In this game, players move forward by correctly typing different words. There are four levels, options to include numbers, and opportunities to practice specific rows on the keyboard, typing only words made of those letters. This is a great option for kids who know the basics but need to practice typing without looking at the keyboard, who are used to typing with one finger and need to practice correct form, or who are better with one hand.
5. Cup Stacking
Users stack and unstack cup pyramids as fast as they can by typing the letters on each cup. Once a pyramid is stacked, players must unstack it by typing that sequence of letters in reverse. The repetition helps drill down where each letter is in relation to one another, especially for hard to reach and less common keys like Q, X, and P. Players are competing against their best time, so there’s always room for improvement.
The object of this game is to stack as many boxes as possible on top of one another before the 90 seconds is up. As a crane swings boxes back and forth, players must type the letter featured on the box in order to release it. Keytower requires some timing skill to decide when to type the letter and release the box, and its premise makes it possible for kids to forget that they’re even practicing typing. But it’s slow enough that players could have time to type each letter with one finger, so they may need to be reminded to use good form.
Advanced Typing Games For Kids
For those who want to refine their typing skills and increase their speed.
7. Nitro Type
In this fast-paced race car game, players compete by typing out complex paragraphs as quickly and accurately as possible and watching their race car progress as they do. If a player misses a letter, their car won’t move forward until they fix their mistake, so it teaches accuracy just as much as speed. Nitro type most closely mimics real-life typing scenarios – though race cars aren’t usually involved, paragraphs, as opposed to randomly assorted letters, are – so it’s great practice for more advanced typers. Plus, kids are incentivized by playing against friends and earning points for each race, which can be put towards the purchase of new race cars, so they won’t grow bored after a few rounds. Nitro type does offer upgraded memberships (for perks like ad-free games) that require real money, so be wary of young typers and auto-fill credit card information.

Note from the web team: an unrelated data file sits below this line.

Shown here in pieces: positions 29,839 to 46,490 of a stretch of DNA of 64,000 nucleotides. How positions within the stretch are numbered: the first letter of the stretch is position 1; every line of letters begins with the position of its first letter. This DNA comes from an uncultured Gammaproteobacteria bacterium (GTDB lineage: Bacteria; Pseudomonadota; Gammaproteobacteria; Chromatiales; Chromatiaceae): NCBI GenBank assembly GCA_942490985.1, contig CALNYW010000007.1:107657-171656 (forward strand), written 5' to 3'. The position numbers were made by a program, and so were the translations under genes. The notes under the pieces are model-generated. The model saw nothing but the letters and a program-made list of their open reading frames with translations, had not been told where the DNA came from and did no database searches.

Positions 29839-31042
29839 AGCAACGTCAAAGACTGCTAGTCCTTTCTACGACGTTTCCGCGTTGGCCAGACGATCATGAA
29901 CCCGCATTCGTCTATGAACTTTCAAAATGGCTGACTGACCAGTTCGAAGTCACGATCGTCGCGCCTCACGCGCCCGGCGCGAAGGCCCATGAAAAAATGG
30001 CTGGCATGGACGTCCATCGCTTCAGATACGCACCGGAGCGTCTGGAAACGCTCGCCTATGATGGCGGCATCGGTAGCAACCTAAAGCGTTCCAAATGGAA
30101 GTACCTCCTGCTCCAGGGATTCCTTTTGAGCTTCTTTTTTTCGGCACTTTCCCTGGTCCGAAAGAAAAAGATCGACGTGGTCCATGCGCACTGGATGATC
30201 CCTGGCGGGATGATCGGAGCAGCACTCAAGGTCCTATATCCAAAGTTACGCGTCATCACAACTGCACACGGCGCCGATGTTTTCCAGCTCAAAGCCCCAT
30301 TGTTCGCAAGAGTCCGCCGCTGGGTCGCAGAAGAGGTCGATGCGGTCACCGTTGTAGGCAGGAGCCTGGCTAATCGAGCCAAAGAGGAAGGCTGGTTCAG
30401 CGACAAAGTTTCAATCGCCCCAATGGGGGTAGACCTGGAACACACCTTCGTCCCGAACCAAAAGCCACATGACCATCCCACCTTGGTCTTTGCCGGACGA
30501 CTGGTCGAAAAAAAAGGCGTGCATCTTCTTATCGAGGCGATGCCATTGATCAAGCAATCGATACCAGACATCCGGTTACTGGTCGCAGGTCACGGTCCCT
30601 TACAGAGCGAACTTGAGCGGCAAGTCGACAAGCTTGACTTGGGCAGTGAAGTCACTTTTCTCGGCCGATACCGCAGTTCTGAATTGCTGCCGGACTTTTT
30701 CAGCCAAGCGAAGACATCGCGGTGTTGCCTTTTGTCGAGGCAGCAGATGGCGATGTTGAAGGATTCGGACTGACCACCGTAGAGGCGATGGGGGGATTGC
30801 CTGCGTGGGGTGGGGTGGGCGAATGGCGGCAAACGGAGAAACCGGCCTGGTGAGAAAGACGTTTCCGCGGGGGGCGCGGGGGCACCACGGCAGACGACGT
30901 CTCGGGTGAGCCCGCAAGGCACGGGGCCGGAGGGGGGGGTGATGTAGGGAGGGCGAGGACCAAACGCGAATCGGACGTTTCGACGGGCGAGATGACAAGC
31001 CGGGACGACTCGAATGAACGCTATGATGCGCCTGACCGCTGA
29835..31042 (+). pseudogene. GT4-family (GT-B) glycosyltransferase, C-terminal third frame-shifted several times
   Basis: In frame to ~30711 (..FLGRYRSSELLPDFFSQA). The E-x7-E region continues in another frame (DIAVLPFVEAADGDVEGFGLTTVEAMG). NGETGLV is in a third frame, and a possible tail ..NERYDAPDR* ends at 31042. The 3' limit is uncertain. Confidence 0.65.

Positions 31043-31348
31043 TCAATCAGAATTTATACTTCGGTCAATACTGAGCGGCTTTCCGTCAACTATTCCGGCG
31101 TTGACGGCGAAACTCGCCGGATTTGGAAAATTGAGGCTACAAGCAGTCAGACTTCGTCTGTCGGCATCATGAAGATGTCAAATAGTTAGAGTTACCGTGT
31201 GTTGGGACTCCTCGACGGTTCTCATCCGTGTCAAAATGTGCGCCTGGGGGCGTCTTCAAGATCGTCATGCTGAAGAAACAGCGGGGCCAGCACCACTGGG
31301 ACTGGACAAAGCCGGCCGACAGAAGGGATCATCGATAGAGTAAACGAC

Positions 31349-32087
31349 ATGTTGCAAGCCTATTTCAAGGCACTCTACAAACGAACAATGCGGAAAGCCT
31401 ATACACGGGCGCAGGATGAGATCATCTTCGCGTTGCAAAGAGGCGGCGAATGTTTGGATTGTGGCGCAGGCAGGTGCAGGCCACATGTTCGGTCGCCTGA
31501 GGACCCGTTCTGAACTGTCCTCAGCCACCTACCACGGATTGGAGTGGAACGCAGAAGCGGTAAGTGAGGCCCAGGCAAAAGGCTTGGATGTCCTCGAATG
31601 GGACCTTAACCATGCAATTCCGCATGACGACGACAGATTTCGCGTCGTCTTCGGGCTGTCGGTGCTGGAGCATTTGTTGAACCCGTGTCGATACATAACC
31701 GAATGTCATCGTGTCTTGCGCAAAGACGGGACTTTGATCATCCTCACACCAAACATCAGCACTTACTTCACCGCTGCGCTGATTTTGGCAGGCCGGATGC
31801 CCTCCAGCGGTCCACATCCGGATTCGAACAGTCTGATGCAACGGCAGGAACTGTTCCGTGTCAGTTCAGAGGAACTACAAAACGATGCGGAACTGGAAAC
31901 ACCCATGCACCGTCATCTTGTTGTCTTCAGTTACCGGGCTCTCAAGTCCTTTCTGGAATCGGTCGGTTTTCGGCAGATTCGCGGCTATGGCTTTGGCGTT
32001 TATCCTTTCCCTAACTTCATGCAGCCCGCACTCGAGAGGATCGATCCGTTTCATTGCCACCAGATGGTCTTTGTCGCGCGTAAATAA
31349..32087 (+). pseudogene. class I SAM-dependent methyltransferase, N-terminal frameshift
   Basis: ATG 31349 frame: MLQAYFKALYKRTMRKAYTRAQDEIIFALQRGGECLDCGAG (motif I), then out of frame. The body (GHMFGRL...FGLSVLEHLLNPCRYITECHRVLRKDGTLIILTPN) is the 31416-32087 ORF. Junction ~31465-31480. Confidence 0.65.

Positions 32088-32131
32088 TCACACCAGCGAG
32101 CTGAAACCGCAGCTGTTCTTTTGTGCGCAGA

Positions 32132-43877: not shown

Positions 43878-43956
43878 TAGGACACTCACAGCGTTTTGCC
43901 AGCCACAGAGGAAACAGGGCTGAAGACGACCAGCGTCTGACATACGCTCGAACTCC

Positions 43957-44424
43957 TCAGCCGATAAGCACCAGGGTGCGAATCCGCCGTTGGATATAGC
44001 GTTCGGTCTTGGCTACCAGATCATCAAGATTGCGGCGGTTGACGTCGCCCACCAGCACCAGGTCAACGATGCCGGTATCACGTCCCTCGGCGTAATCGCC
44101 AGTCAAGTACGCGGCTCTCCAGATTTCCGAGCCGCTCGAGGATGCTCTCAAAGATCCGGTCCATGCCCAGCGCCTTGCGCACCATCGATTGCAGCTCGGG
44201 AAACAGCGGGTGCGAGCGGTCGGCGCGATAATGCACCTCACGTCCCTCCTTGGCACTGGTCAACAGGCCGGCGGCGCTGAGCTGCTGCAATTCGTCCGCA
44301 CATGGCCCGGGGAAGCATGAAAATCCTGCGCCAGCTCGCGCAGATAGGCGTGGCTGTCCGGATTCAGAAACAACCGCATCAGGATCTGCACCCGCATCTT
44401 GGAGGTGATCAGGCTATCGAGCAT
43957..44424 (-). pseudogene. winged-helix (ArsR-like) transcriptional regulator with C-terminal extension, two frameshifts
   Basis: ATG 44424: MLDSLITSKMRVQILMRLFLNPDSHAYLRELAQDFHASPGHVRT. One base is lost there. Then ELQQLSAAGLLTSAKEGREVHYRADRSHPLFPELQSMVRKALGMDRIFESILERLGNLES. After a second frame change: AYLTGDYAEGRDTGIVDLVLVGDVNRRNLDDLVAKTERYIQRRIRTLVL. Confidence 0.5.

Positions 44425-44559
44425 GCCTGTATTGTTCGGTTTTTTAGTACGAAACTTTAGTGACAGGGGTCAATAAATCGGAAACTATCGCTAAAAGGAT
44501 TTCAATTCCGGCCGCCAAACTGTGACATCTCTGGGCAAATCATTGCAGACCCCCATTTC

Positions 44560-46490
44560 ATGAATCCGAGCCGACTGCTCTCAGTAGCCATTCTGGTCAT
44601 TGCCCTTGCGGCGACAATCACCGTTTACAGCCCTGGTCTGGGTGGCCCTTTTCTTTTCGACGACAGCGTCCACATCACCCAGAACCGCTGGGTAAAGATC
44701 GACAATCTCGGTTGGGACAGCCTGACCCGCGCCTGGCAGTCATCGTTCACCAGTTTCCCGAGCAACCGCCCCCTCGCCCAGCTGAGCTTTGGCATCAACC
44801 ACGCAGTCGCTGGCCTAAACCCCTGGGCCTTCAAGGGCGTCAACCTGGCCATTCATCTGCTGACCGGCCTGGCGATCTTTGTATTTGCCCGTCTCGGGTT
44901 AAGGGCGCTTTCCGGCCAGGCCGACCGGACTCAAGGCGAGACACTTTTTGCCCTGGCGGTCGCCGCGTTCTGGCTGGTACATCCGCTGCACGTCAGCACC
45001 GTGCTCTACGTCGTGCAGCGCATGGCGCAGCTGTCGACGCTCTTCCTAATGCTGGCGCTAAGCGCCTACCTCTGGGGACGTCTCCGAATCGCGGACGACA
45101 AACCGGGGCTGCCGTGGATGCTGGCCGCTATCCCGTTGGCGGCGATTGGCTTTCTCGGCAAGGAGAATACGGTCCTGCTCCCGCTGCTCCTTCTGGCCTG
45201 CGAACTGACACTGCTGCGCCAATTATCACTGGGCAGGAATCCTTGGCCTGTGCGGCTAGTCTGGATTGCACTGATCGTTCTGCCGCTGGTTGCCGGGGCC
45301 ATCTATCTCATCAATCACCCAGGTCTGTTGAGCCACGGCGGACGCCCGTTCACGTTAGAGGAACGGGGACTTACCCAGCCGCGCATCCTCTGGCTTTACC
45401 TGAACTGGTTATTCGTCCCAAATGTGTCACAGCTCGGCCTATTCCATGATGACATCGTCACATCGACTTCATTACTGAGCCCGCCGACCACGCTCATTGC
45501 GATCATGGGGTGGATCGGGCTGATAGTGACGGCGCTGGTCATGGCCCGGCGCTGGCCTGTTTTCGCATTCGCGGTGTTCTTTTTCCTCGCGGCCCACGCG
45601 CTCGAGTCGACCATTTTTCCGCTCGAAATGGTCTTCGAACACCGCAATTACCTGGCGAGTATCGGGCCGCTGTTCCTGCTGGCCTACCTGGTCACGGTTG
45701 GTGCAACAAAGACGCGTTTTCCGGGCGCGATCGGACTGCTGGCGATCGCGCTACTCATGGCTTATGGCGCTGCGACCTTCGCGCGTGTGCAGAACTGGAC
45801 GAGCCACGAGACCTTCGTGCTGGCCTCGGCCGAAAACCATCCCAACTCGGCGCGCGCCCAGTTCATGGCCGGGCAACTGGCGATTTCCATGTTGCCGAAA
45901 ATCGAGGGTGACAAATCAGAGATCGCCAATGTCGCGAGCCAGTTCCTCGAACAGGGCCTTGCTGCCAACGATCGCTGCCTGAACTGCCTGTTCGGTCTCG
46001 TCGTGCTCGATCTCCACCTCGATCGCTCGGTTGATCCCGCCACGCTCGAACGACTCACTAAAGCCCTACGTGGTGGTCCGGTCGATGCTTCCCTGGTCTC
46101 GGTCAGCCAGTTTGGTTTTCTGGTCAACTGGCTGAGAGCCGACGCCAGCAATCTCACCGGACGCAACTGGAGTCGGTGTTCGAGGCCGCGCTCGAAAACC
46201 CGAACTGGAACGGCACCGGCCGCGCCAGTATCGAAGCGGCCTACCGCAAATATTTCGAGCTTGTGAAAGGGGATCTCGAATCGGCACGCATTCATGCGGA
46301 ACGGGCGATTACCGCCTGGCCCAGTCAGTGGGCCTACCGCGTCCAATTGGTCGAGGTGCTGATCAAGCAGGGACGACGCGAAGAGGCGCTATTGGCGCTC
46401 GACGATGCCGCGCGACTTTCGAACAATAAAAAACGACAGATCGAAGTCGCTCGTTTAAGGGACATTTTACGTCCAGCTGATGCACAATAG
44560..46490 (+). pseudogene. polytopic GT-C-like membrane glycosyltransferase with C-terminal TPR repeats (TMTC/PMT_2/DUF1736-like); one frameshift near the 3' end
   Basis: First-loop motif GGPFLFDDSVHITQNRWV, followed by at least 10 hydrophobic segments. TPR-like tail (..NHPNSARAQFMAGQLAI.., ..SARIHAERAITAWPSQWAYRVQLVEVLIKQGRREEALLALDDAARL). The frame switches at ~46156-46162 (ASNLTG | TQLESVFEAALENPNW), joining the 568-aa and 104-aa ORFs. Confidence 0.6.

Remember all that time in calculus you spent not playing snake on your TI-81 calculator? Sure you don’t. Well, this game is pretty much the same thing. Players hone the use of the middle, index, and forefinger on both hands while steering a snake into various fruits and trying not to bump into the elongated body. It requires quick thinking and really gets kids familiar with specific keys, so it’s a great tool for kids who know the basics of typing but want to be able to type quicker, without so much thought.